Cancer genetic counseling has traditionally been practiced in person, with patients traveling to a health-care facility to meet with a genetics clinician (9). The counseling process has typically involved at least two in-person visits – an initial visit to perform risk assessment and, if applicable, informed consent for genetic testing (“pretest counseling”) and for those who underwent genetic testing, a posttest visit to disclose test results and discuss results’ implications for cancer risk management in patient and family (10).
Pre- and posttest cancer genetic counseling is recognized to benefit individuals with cancer and their relatives. Counseling by clinicians trained in genetics has been associated with improved adherence to cancer risk management (11–14), better informed surgical decision making (2, 15), increased cancer genetics knowledge (16–19), high patient satisfaction (17, 20), and cost savings (21, 22). And, individuals who have undergone cancer genetic counseling, even those found to have a hereditary cancer syndrome, typically do not report long-term increased distress (18, 19, 23–30). Further, negative outcomes such as misinterpretation of test results, inappropriate medical management, and adverse psychosocial outcomes have been reported when genetic testing is performed without adequate genetic counseling (13, 21, 22, 31–34). In recognition of these benefits, pre- and posttest genetic counseling by qualified health professionals is recommended as standard-of-care by several professional organizations (35–39).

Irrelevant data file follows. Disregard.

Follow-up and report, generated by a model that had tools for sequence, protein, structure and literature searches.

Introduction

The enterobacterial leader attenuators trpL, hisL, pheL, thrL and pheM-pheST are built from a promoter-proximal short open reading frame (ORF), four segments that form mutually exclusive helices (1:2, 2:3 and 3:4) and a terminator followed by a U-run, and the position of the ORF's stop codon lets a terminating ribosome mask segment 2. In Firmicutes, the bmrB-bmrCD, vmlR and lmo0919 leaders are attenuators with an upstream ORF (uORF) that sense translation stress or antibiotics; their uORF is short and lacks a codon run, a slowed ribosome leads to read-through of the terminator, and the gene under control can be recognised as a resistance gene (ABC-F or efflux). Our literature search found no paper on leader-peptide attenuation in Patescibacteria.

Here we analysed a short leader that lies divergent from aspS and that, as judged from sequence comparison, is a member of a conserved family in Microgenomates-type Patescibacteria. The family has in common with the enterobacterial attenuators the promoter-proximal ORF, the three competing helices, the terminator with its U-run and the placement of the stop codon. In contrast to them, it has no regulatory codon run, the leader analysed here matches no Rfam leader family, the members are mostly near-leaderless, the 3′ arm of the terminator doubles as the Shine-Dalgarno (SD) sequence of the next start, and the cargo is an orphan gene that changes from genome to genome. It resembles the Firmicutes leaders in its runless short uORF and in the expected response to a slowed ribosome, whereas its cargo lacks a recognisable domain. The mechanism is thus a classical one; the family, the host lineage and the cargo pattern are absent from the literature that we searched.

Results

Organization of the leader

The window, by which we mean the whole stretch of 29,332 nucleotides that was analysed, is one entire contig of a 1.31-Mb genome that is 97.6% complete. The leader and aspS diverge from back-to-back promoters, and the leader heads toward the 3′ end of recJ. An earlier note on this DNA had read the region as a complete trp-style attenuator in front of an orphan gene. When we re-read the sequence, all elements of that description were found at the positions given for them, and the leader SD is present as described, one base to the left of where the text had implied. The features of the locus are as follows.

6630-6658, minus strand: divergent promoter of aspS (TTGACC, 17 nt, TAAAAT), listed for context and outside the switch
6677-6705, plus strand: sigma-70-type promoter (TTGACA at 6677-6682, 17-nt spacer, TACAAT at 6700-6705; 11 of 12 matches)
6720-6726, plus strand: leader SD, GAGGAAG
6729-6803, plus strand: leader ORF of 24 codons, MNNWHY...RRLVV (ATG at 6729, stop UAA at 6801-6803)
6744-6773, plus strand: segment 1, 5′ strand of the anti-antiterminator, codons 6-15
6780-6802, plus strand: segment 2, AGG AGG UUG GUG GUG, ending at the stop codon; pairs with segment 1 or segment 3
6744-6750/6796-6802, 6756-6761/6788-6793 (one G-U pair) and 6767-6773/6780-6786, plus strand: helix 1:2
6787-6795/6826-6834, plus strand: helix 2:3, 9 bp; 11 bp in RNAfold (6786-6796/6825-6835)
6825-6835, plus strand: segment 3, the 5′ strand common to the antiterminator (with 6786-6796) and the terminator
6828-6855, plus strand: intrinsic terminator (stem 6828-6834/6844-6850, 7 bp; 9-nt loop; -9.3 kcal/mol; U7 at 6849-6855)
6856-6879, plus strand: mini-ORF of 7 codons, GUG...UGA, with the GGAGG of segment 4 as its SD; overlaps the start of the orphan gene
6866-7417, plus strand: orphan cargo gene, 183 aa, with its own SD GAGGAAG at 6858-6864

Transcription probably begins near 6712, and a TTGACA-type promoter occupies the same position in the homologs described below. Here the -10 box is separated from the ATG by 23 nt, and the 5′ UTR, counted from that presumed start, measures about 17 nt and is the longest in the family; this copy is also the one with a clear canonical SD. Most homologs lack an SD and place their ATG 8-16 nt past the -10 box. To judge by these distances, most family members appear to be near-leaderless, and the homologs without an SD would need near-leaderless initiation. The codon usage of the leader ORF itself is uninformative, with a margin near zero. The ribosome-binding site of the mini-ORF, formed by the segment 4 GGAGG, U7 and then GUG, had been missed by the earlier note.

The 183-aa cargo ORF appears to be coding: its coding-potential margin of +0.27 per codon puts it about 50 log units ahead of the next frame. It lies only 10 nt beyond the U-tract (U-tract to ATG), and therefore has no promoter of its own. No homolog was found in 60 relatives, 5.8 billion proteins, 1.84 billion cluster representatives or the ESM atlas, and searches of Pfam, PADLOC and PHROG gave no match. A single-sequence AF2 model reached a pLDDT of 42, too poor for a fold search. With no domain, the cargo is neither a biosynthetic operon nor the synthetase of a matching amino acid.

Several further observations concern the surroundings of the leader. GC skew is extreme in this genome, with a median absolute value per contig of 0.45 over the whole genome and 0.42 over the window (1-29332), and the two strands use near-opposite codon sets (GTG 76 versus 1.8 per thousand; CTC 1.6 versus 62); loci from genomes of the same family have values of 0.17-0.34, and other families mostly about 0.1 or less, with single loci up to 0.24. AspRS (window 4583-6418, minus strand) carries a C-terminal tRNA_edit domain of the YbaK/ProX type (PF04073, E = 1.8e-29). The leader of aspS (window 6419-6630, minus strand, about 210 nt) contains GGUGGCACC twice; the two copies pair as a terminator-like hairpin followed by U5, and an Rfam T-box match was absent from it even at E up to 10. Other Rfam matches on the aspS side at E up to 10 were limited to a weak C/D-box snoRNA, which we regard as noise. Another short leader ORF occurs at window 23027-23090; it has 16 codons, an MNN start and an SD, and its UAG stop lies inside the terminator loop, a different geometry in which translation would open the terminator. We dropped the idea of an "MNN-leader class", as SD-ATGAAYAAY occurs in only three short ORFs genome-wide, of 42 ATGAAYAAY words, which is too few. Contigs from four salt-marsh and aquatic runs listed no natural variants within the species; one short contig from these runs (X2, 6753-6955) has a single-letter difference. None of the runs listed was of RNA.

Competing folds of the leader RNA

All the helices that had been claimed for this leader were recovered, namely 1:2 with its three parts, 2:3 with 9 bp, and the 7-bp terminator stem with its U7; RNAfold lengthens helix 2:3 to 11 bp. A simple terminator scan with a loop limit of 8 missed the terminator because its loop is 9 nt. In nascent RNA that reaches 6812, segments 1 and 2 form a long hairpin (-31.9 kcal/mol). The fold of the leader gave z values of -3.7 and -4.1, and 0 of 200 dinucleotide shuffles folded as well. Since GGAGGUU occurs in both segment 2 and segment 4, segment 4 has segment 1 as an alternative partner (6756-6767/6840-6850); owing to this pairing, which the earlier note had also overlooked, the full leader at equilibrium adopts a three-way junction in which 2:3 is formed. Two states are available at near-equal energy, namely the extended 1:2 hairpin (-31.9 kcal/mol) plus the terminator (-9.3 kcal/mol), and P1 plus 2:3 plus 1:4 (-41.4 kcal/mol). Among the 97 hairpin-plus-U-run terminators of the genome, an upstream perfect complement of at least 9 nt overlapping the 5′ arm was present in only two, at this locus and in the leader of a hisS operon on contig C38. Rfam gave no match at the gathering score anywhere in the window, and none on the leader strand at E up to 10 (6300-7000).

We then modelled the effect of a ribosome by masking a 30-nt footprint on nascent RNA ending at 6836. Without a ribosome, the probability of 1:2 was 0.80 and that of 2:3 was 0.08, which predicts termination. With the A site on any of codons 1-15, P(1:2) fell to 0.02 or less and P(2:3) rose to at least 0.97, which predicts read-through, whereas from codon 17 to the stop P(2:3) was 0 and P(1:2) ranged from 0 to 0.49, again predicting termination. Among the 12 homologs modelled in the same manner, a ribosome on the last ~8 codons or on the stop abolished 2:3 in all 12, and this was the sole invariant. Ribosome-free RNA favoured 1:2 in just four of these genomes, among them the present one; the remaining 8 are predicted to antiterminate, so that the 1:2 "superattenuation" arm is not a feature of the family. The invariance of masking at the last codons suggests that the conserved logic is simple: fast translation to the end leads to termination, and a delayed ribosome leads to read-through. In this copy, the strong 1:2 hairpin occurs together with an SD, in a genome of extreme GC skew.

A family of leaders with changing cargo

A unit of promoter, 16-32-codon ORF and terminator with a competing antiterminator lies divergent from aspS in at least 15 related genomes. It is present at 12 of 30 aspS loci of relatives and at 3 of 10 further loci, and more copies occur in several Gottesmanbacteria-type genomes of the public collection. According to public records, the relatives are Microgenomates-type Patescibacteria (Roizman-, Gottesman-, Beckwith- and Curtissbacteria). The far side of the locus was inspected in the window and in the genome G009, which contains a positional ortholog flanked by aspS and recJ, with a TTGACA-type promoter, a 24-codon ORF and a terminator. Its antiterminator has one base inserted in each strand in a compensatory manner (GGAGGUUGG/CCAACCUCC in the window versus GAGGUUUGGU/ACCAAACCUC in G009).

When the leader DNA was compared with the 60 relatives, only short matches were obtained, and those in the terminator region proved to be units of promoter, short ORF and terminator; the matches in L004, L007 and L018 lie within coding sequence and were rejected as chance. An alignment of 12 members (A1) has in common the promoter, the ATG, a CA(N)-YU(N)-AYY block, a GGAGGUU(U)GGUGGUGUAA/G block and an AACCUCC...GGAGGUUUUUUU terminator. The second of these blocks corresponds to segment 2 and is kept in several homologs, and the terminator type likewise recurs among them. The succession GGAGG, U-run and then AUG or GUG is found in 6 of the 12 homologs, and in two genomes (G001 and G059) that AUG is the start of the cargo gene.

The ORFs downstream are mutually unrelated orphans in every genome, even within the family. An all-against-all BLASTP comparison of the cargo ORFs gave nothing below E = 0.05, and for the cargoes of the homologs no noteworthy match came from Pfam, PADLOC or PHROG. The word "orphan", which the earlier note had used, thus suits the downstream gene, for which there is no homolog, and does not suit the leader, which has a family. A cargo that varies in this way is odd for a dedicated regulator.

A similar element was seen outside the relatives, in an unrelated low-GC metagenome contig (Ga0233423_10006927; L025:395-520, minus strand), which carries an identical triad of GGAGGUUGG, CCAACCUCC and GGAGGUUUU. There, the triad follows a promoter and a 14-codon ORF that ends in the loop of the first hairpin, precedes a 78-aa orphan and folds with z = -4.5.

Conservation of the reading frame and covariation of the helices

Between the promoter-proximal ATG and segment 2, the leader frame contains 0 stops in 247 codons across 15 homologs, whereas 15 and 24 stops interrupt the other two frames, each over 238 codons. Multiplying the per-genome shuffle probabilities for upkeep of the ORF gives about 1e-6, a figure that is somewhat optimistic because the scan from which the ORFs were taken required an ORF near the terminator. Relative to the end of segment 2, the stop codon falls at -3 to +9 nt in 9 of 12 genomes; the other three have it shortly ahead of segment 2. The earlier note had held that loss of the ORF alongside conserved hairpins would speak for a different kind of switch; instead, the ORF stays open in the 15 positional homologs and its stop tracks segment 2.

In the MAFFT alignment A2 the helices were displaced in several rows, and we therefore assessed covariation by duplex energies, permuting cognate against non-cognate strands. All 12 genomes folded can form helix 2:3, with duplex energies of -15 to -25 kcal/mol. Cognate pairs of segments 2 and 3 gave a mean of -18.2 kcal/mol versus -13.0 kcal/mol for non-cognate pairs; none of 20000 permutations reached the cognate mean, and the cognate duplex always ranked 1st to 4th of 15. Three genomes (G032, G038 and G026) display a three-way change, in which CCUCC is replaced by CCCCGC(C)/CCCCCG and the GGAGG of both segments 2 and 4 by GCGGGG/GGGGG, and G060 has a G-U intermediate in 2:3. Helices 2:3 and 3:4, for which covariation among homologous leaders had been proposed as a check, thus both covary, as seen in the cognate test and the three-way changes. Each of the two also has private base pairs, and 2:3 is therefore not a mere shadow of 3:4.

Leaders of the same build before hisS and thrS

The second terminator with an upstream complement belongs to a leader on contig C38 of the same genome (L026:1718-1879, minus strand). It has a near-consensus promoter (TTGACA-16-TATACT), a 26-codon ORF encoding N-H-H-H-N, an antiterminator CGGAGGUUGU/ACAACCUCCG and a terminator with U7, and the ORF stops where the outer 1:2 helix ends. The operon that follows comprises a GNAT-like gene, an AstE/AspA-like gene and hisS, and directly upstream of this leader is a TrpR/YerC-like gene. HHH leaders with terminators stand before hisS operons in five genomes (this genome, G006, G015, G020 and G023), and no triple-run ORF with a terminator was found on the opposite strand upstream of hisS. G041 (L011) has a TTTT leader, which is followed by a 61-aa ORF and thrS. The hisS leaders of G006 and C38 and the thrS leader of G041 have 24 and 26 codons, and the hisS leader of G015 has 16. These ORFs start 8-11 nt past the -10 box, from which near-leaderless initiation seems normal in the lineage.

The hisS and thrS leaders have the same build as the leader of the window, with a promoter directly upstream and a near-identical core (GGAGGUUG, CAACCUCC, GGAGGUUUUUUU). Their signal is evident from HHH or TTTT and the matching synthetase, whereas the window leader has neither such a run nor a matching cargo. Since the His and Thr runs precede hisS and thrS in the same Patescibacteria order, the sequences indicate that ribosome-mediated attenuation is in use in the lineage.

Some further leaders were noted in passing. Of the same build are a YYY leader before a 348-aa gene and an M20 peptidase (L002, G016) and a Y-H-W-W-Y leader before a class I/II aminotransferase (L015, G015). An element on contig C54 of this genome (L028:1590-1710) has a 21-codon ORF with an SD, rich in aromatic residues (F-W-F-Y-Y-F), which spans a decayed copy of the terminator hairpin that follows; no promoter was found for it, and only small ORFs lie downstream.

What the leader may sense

Yet, the confluence of new genomic sequencing techniques and greater public acceptance of cancer genetic counseling render the traditional in-person, multi-visit approach to genetic counseling insufficient to meet the demands of cancer genetics practice in the age of genomic medicine. Further, access to cancer genetics professionals varies widely across the U.S. (40–44). Rapid access to cancer genetic counselors is readily available in certain urban academic centers (45), but several groups, including rural residents, are underserved (9, 43, 44).